Singita Lifestyle Event in Singapore

A portion of the sale proceeds in-store and online directly benefited local community and conservation programs, including Singita’s own anti-poaching canine unit operating in the Sabi Sand Reserve. In addition, Singita and Asia to Africa Safaris co-sponsored a fantastic two-night stay for two at Singita Lebombo Lodge which was raffled off at the opening gala.

Singita Lifestyle Event in Singapore

The boutiques and galleries at Singita’s lodges allow guests the opportunity to take home a memento that not only reminds them of their safari adventure with us, but adds a unique and stylish touch of Africa to their homes. A range of collectable sculptures, home-ware and furnishings will allow you to recreate ‘the safari dream’ within your own home. Find out more on the blog.

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Field Guide Favourites: Best of 2013

January 28, 2014 - Africa, Conservation, Environment, Experience, Safari, Wildlife

The African continent is captivating for many reasons; exotic landscapes, diverse cultures and astounding natural beauty among them. A rich and varied wildlife population is no doubt the highlight for many visitors to Africa, with many unique and mysterious species inhabiting our jungles and grasslands. It is critical that the bio-diversity of this land is protected and conserved, which is why Singita’s core vision is to preserve large tracts of wilderness in Africa for future generations with hands-on conservation teams on each property.

The experienced and highly-skilled Singita field guides play a critical role in this process by educating guests about the importance of conservation and instilling in them a deep sense of appreciation for our natural environment. Their beautiful photos from twice-daily game drives have become an extremely popular feature of the social media accounts and are an inspiration to all members of the Singita family. Here, they have selected their favourites from 2013 for you to enjoy:

Best wildlife photos of 2013 | Singita

Best wildlife photos of 2013 | Singita

Best wildlife photos of 2013 | Singita

Best wildlife photos of 2013 | Singita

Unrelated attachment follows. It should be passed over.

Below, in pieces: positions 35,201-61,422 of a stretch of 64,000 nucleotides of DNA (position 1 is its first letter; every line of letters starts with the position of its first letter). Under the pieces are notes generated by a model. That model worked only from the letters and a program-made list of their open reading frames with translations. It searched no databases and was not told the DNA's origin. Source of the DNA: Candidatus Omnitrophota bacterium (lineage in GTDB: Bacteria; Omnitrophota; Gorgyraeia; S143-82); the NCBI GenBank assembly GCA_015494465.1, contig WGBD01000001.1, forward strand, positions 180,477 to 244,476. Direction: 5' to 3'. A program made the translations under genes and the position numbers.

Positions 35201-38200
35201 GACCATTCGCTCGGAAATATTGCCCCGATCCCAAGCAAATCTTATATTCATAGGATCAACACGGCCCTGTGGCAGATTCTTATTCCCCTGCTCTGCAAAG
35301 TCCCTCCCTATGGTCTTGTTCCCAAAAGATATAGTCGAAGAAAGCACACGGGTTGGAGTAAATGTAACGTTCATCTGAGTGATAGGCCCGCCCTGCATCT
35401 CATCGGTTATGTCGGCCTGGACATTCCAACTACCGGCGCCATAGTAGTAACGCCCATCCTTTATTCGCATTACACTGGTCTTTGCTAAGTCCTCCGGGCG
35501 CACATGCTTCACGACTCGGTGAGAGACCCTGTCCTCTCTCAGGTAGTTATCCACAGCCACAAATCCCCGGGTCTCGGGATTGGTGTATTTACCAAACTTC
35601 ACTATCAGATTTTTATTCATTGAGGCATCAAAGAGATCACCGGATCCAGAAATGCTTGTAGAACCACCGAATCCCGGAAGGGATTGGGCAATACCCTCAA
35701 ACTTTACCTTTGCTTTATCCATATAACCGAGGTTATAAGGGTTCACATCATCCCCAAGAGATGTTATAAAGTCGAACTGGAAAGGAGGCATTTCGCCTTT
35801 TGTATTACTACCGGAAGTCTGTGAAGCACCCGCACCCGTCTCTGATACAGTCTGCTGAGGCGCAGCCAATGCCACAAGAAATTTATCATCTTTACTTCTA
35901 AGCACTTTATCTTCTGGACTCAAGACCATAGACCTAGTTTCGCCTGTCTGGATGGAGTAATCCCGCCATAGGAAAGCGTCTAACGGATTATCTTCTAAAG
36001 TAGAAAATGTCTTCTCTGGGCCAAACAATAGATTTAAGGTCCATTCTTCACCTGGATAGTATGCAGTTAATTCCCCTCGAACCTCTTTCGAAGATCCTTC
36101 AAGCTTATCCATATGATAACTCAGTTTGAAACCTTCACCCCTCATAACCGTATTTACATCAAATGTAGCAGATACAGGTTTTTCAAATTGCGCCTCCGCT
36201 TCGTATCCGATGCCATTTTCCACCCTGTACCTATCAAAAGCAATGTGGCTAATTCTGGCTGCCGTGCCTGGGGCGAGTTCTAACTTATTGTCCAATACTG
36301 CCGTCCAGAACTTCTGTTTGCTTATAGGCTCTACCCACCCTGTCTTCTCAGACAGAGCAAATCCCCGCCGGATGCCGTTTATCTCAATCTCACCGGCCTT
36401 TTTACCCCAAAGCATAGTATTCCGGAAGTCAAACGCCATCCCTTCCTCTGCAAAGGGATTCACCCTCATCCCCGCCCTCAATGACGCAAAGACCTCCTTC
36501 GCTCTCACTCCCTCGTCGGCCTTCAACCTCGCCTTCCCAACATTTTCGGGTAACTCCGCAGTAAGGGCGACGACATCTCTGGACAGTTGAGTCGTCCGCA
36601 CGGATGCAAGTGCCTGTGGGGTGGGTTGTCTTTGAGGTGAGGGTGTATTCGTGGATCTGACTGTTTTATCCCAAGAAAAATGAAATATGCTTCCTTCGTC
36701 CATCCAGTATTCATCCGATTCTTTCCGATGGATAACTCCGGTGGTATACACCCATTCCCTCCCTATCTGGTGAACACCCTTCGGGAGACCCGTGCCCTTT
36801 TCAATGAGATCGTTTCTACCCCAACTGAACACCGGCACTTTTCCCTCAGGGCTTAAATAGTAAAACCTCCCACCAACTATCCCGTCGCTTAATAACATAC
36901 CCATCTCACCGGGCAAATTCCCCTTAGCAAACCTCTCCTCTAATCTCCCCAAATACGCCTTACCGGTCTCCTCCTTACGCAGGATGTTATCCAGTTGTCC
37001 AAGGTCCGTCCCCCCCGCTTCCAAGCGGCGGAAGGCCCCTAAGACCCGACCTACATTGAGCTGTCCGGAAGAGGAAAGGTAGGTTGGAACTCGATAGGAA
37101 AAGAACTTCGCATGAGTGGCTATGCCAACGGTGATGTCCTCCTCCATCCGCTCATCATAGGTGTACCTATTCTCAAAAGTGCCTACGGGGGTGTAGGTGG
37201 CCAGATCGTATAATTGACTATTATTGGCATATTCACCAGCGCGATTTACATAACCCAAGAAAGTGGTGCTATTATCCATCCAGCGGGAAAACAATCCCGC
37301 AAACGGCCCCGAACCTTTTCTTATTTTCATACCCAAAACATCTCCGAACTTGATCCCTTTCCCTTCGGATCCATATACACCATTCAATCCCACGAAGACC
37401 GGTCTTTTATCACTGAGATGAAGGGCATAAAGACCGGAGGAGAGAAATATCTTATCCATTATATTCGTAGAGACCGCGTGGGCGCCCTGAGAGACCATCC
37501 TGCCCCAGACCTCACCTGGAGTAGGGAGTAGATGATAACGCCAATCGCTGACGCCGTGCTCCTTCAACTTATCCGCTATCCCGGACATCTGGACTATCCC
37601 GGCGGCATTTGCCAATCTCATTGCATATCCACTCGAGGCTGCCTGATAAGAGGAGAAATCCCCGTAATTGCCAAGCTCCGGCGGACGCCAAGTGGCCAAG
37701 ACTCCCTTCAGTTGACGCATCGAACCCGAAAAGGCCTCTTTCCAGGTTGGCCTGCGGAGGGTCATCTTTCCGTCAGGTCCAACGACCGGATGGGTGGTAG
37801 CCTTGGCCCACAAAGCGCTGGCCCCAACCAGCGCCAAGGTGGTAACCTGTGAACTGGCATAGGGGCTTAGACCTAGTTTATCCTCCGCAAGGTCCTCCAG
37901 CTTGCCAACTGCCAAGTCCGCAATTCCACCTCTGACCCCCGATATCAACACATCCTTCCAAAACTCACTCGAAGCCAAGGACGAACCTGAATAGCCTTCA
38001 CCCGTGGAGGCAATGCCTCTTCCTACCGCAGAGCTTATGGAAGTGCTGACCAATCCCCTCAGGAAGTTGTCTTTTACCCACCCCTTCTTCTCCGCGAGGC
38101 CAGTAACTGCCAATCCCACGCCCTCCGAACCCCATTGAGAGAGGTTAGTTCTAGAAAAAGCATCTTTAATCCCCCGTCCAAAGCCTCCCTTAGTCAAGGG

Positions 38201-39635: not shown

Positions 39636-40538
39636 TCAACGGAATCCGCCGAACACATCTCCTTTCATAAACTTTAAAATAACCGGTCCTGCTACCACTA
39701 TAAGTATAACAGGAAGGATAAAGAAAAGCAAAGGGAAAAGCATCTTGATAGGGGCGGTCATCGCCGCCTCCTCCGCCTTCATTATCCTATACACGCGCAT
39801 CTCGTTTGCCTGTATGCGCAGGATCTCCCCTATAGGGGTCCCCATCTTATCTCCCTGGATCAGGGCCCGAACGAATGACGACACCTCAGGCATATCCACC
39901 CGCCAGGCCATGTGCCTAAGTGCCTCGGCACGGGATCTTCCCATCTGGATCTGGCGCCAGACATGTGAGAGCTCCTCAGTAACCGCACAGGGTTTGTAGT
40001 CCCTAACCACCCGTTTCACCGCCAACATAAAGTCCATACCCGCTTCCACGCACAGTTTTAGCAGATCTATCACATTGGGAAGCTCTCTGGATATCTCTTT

Best wildlife photos of 2013 | Singita

Best wildlife photos of 2013 | Singita

Best wildlife photos of 2013 | Singita

Best wildlife photos of 2013 | Singita

Best wildlife photos of 2013 | Singita

Best wildlife photos of 2013 | Singita

Best wildlife photos of 2013 | Singita

Best wildlife photos of 2013 | Singita

Best wildlife photos of 2013 | Singita

Best wildlife photos of 2013 | Singita

Best wildlife photos of 2013 | Singita

Best wildlife photos of 2013 | Singita

Best wildlife photos of 2013 | Singita

Best wildlife photos of 2013 | Singita

Best wildlife photos of 2013 | Singita

Best wildlife photos of 2013 | Singita

Best wildlife photos of 2013 | Singita

bestof2013new_11

Catch up on our monthly Wildlife Reports and like our Facebook page for first-hand ranger reports straight from the bushveld.

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Cocktails at the Watering Hole: The Singita Sunrise

January 24, 2014 - Experience

Cocktails in the bush | Singita

A poolside aperitif is the perfect way to end a sweltering summer’s day in the bush. Returning from an evening game drive, you are met by the glow of the hurricane lamps dotting the wooden deck, as their reflection glistens on the water. The gentle clink of ice in your glass is accompanied by the singing of crickets and the distant grunting of a lion rising from his daytime slumber.

Cocktails in the bush | Singita

One of our most popular cocktails is the Singita Sunrise, a rebranded version of the classic tequila-based drink.

Ingredients – what you need:
45ml (3 parts) tequila
90ml (6 parts) orange juice
15ml (1 part) Grenadine syrup
Orange slice and a cherry to garnish

Method – what to do:
Pour the tequila and orange juice into glass over ice.
Add the grenadine, which will sink to the bottom.
Do not stir. Garnish and serve.

Singita Faru Faru Lodge, Tanzania

Why not make your own Singita Sunrise this weekend? Share your photos with us on Twitter, Facebook and Instagram and tag them with #singitasunrise.

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Architecture & Inspiration: An interview with Singita architect Sally Tsiliyiannis

January 20, 2014 - Accommodation, Experience, Lodges and Camps, Sabi Sand, Singita Castleton

Singita Castleton

Singita Castleton

Formerly the family home of Singita founder Luke Bailes’ grandfather, Singita Castleton is an exclusive-use lodge that has recently been transformed into a charming hideaway catering specifically to groups and families. The property comprises a stone-walled ‘homestead’ and a series of beautifully appointed, air-conditioned double en-suite cottages, offering a unique, private villa experience in the heart of the bush.

Singita Castleton

Set within 45,000 acres of private reserve, Singita Castleton has been designed to combine the best elements of a private safari lodge with the rustic charms of a country farmhouse, with the added benefit of extensive high-end facilities, including a vast garden, swimming pool, wine cellar, gym, tennis court and spa treatment room. Guests can relax together in the courtyard, gather around the traditional ‘boma’ or meet in the country-style kitchen, yet the individual cottages allow guests to retreat to the privacy of their own space as and when it’s needed.

Singita Castleton

Architect Sally Tsiliyiannis, who is a director of the Cape Town office of GAPP Architects & Urban Designers, had the task of overseeing the painstaking restoration of the main homestead, and recently told Men’s Journal USA about the experience: